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Unformatted text preview: ction of Oswy, whose daughter he had espoused. This princess was educated in the Christian faith, and she employed her influence with success, in converting her husband and his subjects to that religion. Thus the fair sex have had the merit of introducing the Christian doctrine into all the most considerable kingdoms of the Saxon Heptarchy. Peada died a violent death.b His son, Wolfhere, succeeded to the government; and after having reduced to dependance the kingdoms of Essex and East-Anglia, he left the crown to his brother, Ethelred, who, though a lover of peace, showed himself not unfit for military enterprizes. Besides making a successful expedition into Kent, he repulsed Egfrid, king of Northumberland, who had invaded his dominions; and he slew in battle Elfwin, the brother of that prince. Desirous, however, of composing all animosities with Egfrid, he payed him a sum of money, as a compensation for the loss of his brother. After a prosperous reign of thirty years, he resigned the crown to Kendred, son of Wolflhere, and retired into the monastery of Bardney.c Kendred returned the present of the crown to Ceolred, the son of Ethelred; and making a pilgrimage to Rome, passed his life there in pennance and devotion. The place of Ceolred was supplied by Ethelbald, great-grand-nephew to Penda by Alwy, his brother; and this prince, being slain in a mutiny, was succeeded by Offa, who was a degree more remote from Penda, by Eawa, another brother. This prince, who mounted the throne in 755,d had some great qualities, and was successful in his warlike enterprizes against Lothaire, king of Kent, and Kenwulph, king of Wessex. He defeated the former in a bloody battle at Otford upon the Darent, and reduced his kingdom to a state of dependance: he gained a victory over the latter at Bensington in Oxfordshire; and conquering that county, together with that of Glocester, annexed both to his dominions. But all these successes were stained by his treacherous murder of Ethelbert, king of the East-Angles, and his violent seizing of that kingdom. This young prince, who is said to have possessed great merit, had paid his addresses to Elfrida, the daughter of Offa, and was invited with all his retinue to Hereford, in order to solemnize the nuptials. Amidst the joy and festivity of these entertainments, he was seized by Offa, and secretly beheaded: and though Elfrid, who abhorred her father’s treachery, had time to give warning to the East-Anglian nobility, who escaped into their own country, Offa, having extinguished the royal family, succeeded in his design of subduing that kingdom.e The perfidious prince, desirous of re-establishing his character in the world, and perhaps of appeasing the remorses of his own conscience, payed great court to the clergy, and practised all the monkish devotion, so much esteemed in that ignorant and superstitious age. He gave the tenth of his goods to the church;f bestowed rich donations on the cathedral of Hereford; and even made a pilgrimage to Rome, where his great power and riches could not fail of p...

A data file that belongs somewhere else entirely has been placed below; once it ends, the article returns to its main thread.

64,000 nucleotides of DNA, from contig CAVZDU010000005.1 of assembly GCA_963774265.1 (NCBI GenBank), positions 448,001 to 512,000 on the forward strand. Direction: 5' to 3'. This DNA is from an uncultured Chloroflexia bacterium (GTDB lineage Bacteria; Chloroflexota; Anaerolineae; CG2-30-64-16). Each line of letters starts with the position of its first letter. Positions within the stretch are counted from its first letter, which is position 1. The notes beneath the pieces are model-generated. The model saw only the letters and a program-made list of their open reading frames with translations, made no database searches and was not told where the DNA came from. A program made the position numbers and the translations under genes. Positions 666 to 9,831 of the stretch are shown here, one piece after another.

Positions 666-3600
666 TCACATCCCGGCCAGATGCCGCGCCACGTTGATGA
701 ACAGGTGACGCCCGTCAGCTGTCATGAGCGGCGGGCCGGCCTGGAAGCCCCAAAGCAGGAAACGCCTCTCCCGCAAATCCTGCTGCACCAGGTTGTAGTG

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This note was uploaded on 02/12/2011 for the course CHIN 101 taught by Professor Dr.yu during the Spring '08 term at University Of Southern Mississippi .
- Spring '08